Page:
Avoid Ambiguous Contracts and the Problems They Cause. We attorneys pick apart language. Ambiguity can be annoying, but it can do far more damage if it’s in a contract. Rules of interpreting or constructing contracts have evolved in the courts over the years. One is ambiguous language can be construed against the party writing the contract. You want to avoid this from happening to you, and there are ways to accomplish that.
If You Write the Contract, Ambiguous Language Can Be Interpreted Against You
One rule covering ambiguous contract language is any ambiguity in a contract not cleared up by other rules is construed against the party preparing the agreement. If you wrote the contract and in litigation you say a term means one thing, and the other party says it means another, a judge may rule in the other party’s favor. Whether you or the other party filed the legal action, this can mean you’re on the losing side.
The reason for this rule is the contract writer is seen (rightly or wrongly) as having more power than the party presented with it. This is especially true when the dispute is over a form contract the non-drafting party was unable to change. This rule of interpretation is a way the courts try to level the playing field when there’s a “take it or leave it” contract.
Four Ways to Reduce Ambiguity in Contracts
These are four rules of composition that will help prevent ambiguity in the documents you write, whether they’re contracts or not:
- Use short sentences
- Sentences should start with the subject, then the verb, and close with the object
- Adjectives should be close to the words they modify
- Be consistent with your word use. If a word means one thing in one part of the document, don’t use the word in another part if you intend a different meaning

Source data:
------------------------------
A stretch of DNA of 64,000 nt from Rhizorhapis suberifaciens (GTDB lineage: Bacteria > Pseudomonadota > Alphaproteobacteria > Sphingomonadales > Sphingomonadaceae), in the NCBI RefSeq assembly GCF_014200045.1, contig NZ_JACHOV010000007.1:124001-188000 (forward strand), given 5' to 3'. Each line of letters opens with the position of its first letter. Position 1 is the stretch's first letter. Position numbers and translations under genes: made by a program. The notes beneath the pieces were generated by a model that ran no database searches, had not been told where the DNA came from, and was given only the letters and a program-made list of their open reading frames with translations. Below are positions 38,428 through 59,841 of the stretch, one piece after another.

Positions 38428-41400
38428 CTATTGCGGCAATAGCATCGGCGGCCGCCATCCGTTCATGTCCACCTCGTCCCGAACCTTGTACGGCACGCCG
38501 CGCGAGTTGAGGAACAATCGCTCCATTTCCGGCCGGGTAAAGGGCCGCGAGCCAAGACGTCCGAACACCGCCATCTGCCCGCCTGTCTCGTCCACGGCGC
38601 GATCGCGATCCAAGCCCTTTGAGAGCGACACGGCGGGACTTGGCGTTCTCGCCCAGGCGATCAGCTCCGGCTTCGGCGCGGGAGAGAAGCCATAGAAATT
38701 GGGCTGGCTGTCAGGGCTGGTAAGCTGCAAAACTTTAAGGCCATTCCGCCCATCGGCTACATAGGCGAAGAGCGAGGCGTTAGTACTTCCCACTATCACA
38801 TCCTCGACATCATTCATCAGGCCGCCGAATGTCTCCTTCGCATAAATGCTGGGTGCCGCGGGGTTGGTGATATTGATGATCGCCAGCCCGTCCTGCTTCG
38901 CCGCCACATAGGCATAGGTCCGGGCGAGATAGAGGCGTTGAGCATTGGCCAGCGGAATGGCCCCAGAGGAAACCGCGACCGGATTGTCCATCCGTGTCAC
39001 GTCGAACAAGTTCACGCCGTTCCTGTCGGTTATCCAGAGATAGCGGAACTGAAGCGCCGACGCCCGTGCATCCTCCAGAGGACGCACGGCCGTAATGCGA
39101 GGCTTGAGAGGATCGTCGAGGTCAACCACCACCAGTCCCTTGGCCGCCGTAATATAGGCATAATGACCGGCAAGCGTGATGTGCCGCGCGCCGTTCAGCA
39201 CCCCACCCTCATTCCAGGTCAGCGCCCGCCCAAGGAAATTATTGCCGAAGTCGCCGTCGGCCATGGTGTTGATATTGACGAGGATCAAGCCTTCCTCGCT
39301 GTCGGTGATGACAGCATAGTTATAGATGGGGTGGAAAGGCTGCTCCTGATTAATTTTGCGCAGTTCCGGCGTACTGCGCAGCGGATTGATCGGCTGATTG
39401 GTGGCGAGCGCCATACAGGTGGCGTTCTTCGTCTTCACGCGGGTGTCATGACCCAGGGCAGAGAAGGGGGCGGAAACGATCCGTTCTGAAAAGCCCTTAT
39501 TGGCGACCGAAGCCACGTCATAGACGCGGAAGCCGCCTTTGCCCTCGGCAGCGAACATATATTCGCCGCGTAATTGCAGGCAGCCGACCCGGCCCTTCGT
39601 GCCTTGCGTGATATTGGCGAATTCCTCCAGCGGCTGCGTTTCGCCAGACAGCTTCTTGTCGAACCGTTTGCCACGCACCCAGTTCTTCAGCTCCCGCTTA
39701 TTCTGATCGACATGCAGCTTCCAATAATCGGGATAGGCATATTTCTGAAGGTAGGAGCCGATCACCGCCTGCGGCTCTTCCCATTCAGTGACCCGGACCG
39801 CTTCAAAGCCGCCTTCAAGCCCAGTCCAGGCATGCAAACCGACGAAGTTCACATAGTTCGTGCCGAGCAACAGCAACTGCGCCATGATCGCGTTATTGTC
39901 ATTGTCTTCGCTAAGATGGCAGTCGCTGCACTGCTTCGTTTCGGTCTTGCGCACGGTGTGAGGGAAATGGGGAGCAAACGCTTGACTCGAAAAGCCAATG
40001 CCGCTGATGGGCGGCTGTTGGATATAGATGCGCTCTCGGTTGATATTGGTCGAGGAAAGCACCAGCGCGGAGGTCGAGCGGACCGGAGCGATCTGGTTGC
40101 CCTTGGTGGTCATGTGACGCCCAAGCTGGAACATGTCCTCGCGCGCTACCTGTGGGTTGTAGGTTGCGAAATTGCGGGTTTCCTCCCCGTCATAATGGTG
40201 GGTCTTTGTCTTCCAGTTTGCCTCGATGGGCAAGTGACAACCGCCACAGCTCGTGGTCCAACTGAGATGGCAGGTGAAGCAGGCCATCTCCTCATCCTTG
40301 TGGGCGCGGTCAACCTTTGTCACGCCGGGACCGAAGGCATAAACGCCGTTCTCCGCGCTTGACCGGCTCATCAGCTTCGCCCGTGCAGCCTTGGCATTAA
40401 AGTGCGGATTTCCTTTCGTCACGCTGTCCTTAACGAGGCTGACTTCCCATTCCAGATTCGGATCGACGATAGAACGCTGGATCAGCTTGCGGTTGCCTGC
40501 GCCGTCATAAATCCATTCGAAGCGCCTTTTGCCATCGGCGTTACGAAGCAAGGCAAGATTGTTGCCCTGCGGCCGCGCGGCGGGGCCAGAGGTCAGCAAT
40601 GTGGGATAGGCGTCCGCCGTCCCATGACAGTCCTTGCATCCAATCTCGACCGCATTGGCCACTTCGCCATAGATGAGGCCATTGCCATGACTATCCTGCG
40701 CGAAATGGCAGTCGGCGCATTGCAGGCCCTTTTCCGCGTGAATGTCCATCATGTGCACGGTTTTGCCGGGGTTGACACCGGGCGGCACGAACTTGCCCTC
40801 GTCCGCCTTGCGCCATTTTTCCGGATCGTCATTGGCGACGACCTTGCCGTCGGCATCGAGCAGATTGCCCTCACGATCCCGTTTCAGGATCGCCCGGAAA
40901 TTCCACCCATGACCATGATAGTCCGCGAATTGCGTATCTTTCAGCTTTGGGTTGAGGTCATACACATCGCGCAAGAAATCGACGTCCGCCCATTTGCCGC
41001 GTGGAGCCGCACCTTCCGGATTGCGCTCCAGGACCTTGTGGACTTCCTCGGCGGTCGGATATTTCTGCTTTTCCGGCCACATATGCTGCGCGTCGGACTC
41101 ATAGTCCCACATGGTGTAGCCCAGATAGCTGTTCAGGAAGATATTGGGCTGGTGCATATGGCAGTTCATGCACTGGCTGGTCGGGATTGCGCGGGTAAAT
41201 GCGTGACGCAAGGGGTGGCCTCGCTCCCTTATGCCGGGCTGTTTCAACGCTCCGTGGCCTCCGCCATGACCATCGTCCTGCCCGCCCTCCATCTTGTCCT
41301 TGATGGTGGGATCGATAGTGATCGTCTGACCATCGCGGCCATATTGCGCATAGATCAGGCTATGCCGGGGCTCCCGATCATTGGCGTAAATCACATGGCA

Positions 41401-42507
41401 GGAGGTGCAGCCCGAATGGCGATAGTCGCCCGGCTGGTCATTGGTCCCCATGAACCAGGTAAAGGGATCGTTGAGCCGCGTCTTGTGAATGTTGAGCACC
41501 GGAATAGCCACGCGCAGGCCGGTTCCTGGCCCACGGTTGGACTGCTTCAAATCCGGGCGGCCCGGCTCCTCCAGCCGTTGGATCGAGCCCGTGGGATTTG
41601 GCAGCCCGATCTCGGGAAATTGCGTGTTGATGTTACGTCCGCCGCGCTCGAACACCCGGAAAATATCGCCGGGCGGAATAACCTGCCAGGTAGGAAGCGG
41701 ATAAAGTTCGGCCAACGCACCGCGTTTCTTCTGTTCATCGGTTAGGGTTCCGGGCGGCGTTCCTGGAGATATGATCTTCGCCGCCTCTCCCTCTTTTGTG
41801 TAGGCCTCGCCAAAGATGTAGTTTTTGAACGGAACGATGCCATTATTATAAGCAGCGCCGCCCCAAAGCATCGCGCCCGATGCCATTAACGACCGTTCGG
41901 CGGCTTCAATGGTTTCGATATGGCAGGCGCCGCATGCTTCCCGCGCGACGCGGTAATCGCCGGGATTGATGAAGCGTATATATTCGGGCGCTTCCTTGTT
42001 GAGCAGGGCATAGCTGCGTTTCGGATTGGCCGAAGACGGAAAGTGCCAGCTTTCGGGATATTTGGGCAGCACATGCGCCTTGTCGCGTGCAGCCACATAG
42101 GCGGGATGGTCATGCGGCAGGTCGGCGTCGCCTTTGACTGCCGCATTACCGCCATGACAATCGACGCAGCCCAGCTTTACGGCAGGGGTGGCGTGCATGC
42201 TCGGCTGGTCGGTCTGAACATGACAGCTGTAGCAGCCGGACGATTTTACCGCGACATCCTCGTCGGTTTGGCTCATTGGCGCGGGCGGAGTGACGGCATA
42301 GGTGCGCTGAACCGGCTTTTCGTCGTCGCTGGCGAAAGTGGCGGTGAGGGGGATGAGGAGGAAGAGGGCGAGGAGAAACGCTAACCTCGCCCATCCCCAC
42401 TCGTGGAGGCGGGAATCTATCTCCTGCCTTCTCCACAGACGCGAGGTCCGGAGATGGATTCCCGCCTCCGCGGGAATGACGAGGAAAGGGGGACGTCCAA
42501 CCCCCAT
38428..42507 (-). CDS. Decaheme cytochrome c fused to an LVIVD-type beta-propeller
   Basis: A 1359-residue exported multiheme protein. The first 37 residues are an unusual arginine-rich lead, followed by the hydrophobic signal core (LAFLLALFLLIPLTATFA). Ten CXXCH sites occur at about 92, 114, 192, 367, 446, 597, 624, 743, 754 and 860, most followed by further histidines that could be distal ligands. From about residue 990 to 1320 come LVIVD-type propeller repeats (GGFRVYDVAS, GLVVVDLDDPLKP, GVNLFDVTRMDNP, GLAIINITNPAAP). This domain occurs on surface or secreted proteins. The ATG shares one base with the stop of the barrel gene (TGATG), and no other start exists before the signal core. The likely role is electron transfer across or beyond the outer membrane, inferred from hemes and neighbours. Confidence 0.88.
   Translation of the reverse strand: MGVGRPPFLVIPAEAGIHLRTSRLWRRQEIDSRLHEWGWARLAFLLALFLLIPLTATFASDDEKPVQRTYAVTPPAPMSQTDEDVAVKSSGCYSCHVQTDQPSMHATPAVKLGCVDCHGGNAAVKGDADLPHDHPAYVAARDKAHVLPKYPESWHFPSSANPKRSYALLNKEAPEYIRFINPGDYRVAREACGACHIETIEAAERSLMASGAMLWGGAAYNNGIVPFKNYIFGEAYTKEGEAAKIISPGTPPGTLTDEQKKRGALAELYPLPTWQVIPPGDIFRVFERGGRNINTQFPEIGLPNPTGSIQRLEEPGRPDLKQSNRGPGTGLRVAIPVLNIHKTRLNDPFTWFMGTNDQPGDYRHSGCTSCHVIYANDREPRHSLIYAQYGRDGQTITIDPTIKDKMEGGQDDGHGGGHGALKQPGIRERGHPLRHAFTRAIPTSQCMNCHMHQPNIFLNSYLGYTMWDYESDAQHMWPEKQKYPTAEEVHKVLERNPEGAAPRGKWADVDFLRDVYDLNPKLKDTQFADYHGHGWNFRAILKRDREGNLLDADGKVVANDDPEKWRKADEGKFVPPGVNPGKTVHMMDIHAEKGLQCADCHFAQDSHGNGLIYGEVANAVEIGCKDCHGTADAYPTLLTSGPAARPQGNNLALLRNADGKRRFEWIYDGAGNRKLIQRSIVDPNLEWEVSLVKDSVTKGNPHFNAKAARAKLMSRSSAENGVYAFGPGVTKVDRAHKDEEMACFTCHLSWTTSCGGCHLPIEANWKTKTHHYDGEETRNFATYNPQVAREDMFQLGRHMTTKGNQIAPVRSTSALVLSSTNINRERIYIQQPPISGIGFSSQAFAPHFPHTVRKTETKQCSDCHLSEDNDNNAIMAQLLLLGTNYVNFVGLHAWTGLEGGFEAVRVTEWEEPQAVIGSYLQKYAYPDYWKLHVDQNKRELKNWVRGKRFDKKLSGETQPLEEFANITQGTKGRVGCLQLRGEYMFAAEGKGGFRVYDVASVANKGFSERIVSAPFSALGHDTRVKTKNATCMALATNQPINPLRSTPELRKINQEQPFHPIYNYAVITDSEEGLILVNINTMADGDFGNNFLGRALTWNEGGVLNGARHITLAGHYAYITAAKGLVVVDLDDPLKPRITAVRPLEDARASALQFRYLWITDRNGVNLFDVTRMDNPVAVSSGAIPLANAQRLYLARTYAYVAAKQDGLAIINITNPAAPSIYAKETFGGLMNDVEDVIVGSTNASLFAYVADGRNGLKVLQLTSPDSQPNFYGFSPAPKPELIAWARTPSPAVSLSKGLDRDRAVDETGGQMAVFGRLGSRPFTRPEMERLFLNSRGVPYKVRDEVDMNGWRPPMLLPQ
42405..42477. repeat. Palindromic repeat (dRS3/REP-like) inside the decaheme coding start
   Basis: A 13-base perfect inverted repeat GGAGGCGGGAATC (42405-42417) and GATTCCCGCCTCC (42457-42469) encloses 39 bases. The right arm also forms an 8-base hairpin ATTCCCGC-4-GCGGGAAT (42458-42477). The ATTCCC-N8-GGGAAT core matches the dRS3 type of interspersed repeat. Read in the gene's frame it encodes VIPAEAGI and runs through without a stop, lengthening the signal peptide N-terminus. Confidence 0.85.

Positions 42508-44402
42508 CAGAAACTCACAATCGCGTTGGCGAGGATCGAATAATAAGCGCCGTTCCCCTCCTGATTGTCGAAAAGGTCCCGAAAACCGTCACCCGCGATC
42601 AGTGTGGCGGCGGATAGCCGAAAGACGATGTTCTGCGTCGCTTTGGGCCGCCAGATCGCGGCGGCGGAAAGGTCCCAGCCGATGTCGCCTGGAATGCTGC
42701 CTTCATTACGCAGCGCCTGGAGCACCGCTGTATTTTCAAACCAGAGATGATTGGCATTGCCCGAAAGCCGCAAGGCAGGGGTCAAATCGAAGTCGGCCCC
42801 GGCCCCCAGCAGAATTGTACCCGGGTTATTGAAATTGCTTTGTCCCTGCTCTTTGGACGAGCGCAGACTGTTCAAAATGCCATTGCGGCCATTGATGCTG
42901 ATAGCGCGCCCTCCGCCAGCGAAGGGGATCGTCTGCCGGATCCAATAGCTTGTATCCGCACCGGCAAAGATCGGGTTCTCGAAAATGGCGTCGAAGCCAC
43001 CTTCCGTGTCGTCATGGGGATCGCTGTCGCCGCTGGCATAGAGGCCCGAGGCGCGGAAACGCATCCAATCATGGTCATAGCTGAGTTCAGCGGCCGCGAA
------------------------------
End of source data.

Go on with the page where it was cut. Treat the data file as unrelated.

Use a “Defined Terms” section of the contract to clarify things, especially if a word in the contract differs from how it’s commonly understood. There may be several related contracts between the parties. They all should use terms consistently. If that’s not possible, note that the words can have different meanings in these contracts.
Use Contract Language to Prevent Being Harmed by Ambiguous Contract Language
If you’re the original drafting party, the document has gone back and forth, and many changes were made, you can try to negotiate a clause stating this happened into the contract. Because both parties were represented by attorneys and jointly created the document, ambiguities shouldn’t be interpreted against either party. The contract should be interpreted neutrally.
The other party may or may not go along with this. If you genuinely want this as part of the contract, you may need to make concessions on other issues.
Trying to Stamp Out All Ambiguities Isn’t a Good Idea Either
It’s impossible to prevent all possible ambiguities. You can’t predict and write into a contract all possible situations unless you can time travel. If you try to cover all eventualities with narrow, precise, descriptive language to cover everything that could happen, the contract will be unreadable. It could go on for many pages and turn a simple transaction into something highly complex.
The other party may think you’re not trustworthy because it appears you’re trying to hide something in this dense forest of words. They may reject your draft from the start. The cost of the contract in time, energy, and money also increase as both parties and their attorneys write, review, and re-write different sections while using the most microscopic language to prevent any doubts about what’s been agreed upon.
The best contracts use the right combination of general and specific language. They’re understandable and protect the parties without being impossible to read or follow.
Your Contracts Should Protect Your Interests and Help You Meet Your Goals
If your business operates in California, Focus Law can help. We are an established and growing law firm representing businesses located in California and the Pacific. We specialize in business law, including contract drafting, negotiation, execution, disputes, and litigation. Call us now for a Strategy Session. We can talk about how Focus Law can help you run your business without worrying about the underlying legal consequences. We can be reached at (714) 415-2007 or reserve your spot by clicking here.